Memories of growing up in Evarts


Doug Hampton, Contributing Writer

I graduated from Evarts High School in 1966, so I grew up in Evarts in the late 50s/early 60s, which was a much simpler time and a wonderful time to grow up. Every storefront in Evarts had a mom/pop business, including a furniture store, clothing store, movie theatre, several grocery stores, several restaurants and the center of our social universe, Pierce Rexall Drugstore. Like most drugstores, there was a lunch counter and booths and delicious sandwiches, hot dogs etc. If you were looking for someone, all you had to do was call the drugstore and tell whoever answered the phone and odds are you would soon find them. We didn’t have a lunchroom, so most students would flock to the various restaurants and eat downtown.
There was a 9 o’clock curfew and they would blow a siren at 9 p.m. and everyone under 16 was supposed to be off the streets. We would start running if we were out and heard the siren. There was a jail and a fire department. I can vividly remember Luke Kirklin and me riding on the back of the fire truck on the way to a fire near Verda. Can you imagine doing something like that today?
Most of our teachers were friends of our parents, and if you got in trouble at school you begged them not to tell your mom and dad. Katie Carter was an assistant principal and at the time a lady assistant principal was a big deal. I can tell you this: EVERY boy in that school was scared to death of her.
In summary, it just a simple time to grow up. Very little, if any, drugs were around. People sat on the front porch after supper and basically everybody knew everybody in the town. We integrated when I was a junior and it was, as best I remember, completely without any major incidents or racial discord.


I was the first person in my family to play sports and I loved sports for as long as I can remember. My dad was a coal miner and my older brother didn’t play sports and girls didn’t have the opportunity back then. We lived about a five-minute walk from the football field, which also served as the Little League baseball field for the Evarts Lions Club team.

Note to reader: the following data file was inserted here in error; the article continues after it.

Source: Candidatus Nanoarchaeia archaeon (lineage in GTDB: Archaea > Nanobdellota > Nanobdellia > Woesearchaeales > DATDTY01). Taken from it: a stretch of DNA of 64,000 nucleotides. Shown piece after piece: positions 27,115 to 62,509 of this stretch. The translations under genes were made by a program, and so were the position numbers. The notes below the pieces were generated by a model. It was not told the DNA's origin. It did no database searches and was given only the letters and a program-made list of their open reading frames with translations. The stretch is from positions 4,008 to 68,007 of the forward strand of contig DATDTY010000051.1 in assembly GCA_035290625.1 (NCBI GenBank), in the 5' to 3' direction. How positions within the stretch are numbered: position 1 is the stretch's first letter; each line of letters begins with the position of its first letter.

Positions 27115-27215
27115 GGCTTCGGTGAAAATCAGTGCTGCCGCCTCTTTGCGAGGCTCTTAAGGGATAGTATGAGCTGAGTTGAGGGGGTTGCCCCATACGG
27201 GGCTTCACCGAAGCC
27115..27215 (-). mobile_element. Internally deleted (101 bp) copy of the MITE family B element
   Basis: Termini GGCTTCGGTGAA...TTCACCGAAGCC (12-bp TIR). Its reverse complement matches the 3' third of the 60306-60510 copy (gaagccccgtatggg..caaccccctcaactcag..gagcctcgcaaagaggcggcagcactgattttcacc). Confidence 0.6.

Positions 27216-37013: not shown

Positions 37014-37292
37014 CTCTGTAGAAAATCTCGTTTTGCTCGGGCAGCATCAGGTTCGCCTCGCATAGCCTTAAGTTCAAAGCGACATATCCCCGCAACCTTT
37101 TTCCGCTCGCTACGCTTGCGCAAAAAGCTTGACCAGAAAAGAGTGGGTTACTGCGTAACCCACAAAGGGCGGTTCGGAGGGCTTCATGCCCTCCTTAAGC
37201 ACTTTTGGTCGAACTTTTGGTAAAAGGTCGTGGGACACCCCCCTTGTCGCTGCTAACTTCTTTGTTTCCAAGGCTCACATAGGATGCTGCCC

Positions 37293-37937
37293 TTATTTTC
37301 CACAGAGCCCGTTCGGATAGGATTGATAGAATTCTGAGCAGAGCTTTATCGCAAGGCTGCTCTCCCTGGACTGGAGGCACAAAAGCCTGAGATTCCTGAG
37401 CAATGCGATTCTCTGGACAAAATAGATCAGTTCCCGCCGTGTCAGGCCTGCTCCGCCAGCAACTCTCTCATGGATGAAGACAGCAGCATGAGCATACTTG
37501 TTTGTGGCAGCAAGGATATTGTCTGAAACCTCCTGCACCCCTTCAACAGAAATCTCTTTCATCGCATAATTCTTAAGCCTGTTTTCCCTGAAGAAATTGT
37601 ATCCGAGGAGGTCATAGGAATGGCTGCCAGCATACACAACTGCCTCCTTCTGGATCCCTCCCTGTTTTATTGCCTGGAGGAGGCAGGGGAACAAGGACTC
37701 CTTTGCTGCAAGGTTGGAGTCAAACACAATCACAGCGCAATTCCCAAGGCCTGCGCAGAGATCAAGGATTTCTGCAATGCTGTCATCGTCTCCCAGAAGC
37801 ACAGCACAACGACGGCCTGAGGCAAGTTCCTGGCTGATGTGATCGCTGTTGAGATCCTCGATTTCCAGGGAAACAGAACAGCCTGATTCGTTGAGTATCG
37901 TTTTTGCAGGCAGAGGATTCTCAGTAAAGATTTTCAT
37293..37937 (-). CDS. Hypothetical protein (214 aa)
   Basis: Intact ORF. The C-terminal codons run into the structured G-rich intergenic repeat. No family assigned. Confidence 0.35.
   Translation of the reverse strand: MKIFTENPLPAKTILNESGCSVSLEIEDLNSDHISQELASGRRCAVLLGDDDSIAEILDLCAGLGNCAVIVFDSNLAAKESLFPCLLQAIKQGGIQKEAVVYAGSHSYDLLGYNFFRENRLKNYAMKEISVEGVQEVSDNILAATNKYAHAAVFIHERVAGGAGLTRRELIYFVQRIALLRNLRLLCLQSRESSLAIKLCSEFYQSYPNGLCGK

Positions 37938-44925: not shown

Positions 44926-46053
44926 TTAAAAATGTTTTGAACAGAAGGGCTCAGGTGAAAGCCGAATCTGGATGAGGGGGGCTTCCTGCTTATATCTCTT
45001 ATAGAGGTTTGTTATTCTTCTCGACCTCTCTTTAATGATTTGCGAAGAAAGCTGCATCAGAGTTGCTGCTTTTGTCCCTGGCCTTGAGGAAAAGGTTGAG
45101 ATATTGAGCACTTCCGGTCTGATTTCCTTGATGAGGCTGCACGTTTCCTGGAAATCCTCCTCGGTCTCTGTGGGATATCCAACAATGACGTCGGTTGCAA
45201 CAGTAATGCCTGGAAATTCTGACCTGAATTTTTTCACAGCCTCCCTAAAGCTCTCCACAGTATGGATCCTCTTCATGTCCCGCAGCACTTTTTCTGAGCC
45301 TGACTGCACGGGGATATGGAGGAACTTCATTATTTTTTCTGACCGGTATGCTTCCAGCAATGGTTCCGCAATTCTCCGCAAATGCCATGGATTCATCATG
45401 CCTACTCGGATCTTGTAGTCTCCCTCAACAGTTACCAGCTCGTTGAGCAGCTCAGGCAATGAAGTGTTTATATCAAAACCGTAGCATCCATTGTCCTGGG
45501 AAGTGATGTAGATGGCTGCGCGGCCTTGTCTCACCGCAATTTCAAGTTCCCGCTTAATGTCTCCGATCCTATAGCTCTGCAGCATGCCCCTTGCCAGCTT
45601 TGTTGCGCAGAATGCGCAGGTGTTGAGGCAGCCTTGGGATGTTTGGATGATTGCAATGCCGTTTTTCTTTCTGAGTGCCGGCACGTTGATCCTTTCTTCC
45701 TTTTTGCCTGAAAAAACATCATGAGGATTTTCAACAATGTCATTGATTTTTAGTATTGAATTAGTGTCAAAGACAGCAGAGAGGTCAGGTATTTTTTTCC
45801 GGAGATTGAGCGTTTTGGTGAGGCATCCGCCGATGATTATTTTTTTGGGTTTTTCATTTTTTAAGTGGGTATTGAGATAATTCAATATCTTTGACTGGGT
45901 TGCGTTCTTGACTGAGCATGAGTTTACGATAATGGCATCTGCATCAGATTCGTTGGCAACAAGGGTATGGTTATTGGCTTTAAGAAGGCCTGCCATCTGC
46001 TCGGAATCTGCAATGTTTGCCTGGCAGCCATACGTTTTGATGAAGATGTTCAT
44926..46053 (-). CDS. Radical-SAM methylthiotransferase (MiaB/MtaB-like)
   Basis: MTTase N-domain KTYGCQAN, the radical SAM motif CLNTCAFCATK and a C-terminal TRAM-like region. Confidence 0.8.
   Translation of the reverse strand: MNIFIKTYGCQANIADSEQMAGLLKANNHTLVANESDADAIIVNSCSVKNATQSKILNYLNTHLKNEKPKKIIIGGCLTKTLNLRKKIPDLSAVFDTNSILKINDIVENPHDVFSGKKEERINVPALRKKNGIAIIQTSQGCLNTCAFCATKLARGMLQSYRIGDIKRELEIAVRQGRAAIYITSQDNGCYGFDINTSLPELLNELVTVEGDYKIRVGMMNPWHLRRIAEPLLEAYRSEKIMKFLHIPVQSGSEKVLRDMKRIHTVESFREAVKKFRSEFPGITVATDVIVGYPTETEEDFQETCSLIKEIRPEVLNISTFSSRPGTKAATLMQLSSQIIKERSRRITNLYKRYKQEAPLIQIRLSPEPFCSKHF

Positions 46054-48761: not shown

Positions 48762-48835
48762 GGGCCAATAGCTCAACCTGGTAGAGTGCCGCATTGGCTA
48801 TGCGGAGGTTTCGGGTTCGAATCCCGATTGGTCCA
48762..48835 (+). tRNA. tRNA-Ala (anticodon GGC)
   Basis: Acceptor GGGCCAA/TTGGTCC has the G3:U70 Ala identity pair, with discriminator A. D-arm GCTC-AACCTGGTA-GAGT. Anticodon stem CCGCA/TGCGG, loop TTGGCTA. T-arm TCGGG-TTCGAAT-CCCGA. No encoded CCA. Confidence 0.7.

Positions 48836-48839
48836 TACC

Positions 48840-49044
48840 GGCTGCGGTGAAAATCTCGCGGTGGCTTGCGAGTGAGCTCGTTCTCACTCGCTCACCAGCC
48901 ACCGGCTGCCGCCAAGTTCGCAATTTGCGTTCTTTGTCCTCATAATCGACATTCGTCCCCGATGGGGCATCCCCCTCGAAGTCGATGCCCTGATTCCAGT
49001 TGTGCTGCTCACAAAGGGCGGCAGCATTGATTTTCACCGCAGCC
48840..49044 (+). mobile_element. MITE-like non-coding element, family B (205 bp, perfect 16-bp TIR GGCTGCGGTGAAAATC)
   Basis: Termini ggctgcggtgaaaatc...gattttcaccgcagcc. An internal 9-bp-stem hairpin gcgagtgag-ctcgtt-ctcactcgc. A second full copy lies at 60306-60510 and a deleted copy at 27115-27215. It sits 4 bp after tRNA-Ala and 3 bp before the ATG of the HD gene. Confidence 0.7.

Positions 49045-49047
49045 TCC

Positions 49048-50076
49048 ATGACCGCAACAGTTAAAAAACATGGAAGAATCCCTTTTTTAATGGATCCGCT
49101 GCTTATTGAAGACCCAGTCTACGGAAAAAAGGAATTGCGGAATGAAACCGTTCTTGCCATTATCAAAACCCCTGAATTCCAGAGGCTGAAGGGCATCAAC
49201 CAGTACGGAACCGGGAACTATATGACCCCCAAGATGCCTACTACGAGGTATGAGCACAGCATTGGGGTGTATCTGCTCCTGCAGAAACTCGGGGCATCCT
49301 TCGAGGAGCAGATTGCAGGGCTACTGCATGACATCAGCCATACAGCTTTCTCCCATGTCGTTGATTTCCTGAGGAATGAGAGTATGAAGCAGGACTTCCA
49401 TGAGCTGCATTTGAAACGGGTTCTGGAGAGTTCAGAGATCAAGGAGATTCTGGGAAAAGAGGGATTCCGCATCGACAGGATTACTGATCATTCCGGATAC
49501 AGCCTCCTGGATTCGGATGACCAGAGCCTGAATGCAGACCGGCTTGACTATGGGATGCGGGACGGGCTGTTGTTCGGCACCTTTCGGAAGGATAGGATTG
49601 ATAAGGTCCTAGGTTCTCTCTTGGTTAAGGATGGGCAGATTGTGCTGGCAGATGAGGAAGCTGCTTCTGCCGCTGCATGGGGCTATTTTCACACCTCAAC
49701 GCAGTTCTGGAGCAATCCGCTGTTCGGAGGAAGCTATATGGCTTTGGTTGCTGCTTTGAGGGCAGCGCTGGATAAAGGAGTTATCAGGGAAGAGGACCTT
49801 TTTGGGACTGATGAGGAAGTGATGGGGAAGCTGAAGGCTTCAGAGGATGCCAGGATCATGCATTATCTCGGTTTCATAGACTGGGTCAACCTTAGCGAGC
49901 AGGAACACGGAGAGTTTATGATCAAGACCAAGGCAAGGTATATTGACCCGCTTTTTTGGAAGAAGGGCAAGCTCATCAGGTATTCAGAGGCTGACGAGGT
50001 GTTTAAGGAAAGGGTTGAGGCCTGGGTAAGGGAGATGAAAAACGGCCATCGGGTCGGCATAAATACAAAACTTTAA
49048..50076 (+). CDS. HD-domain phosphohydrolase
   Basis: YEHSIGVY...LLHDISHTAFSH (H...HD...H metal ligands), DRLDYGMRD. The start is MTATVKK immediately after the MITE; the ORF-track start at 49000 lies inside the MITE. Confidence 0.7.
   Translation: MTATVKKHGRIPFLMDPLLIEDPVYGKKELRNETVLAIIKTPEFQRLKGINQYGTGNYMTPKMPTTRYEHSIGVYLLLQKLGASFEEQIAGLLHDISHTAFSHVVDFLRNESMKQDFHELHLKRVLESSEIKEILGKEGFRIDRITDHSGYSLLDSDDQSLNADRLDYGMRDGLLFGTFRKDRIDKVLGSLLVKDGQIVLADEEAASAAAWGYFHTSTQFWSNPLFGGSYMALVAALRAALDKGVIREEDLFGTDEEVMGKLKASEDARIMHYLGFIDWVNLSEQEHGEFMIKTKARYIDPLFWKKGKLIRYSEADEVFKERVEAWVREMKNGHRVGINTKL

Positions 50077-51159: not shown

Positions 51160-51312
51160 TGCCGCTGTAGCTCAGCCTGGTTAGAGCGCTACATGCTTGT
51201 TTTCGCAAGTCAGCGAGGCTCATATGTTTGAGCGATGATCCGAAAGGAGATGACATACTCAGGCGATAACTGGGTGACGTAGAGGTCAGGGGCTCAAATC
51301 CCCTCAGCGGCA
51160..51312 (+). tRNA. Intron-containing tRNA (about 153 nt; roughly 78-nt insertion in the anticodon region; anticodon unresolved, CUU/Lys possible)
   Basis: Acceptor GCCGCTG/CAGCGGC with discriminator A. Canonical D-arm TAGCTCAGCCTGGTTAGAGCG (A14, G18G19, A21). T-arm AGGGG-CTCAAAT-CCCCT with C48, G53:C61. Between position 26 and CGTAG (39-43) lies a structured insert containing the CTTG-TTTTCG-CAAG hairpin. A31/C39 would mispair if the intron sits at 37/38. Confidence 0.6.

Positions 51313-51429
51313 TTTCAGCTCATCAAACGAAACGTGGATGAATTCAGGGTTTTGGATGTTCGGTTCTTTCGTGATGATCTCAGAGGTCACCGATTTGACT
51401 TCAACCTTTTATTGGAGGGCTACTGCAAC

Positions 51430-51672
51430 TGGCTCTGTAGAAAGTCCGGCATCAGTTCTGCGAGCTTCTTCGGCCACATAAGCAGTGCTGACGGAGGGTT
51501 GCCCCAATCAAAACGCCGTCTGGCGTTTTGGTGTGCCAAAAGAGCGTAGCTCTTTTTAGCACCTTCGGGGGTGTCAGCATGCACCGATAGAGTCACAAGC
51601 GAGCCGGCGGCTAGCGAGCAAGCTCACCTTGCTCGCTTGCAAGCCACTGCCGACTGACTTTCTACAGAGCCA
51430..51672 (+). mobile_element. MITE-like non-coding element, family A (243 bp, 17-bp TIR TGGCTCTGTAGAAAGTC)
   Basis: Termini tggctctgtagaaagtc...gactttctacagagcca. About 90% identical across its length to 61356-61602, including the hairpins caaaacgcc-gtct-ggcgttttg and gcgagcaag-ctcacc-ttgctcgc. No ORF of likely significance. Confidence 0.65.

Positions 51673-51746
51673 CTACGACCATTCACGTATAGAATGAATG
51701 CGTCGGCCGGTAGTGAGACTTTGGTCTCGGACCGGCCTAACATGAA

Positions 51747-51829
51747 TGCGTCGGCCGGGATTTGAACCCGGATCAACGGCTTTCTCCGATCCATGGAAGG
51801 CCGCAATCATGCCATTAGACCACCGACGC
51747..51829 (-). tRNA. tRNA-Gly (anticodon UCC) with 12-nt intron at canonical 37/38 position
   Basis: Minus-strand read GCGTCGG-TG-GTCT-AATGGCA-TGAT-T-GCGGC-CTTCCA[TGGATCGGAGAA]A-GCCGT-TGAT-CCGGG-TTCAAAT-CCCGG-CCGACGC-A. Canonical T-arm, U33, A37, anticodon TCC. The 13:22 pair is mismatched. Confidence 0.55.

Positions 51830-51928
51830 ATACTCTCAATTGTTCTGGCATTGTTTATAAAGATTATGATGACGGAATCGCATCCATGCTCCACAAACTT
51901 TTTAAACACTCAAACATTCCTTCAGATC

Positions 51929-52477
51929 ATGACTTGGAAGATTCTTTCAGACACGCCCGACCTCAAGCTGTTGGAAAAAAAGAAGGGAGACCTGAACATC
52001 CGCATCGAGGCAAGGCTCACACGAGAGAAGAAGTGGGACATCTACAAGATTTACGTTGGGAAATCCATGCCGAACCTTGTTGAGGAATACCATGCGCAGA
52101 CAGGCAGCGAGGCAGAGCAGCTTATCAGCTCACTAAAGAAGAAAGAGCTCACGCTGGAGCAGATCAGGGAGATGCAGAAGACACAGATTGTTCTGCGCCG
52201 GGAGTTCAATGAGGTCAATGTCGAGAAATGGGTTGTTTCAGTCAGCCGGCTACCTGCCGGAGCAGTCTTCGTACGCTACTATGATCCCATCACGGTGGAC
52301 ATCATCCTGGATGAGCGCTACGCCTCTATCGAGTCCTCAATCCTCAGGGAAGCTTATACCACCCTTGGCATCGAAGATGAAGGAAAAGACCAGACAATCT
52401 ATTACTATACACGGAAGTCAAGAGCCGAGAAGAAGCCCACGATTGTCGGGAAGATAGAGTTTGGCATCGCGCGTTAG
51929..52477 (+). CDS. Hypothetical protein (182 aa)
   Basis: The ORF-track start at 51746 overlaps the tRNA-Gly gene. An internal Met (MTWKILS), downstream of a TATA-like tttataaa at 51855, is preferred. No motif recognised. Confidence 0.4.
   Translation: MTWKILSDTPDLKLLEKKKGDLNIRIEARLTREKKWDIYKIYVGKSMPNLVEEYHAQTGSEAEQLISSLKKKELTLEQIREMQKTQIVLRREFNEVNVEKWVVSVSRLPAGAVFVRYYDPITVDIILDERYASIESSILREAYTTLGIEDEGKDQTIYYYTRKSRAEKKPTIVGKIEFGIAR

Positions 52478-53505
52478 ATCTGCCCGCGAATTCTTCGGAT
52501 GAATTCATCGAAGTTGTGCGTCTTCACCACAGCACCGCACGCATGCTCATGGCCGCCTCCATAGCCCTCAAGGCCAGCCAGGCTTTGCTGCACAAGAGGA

If you loved sports and lived in Evarts, Kentucky, you were soon going to cross paths with Charlie Hunter, or simply coach Hunter. He let me be a “manager” for the football team when I was in sixth and seventh grade. This was hog heaven for a little fat boy because I could race over to practice after school and hang out with the players AND I got to ride the bus to and from the games. I learned the words to every “naughty” song they sang after wins, and I learned to be real quiet and stay away from coach Hunter after losses.
Harlan County had Evarts, Harlan, Harlan Rosenwald, Hall, Loyal, Wallins, Cumberland and Lynch high schools at the time. Every team wanted to be the best team in the county and there were big crowds at the Friday night games, especially when two county schools were playing each other OR if a county school was playing the hated Harlan Green Dragons. Evarts held its own within the county and had several players go on to play college football.
Two things I remember most about the honor of playing for coach Hunter was the military bearing that he had and the way he could actually incorporate military language into our drills. For example, we had one blocking drill that instead of a football cadence such as down, set, hut coach Hunter would call out ready, aim, FIRE!! Also he took great pride in our game uniforms, buying us the best and insisting that we keep it in like new conditions, which again reflected his military heritage.
The second thing I remember is how well prepared for what the opponent would do and this was in a time when we would only film two or three games a year. Coach would send assistant coaches to watch two or three games in advance of our game, and most of the time we knew exactly what the other team was going to do in certain situations.
I’m speaking mostly football, but I also played basketball and “Coach” was our coach all four years We had a really good team when I was a freshman and went to play in the regional tournament at Bell Co. I don’t think I got to play, but it was a big thrill to be on the bench.
I had the privilege of playing for two great football coaches, Charlie Hunter and at EKU I played for the legendary coach Roy Kidd. Nobody would have ever referred to these two guys as “a player’s coach.” It was basically their way or the highway and as a teenager playing for them I didn’t want to disappoint either of them. Also, like a typical teenager, I thought both of them were way too tough on me and there were days I couldn’t stand them for being so demanding. As an adult, I look back and cherish the toughness and discipline that they brought to my life and to the relationship I had/have with them.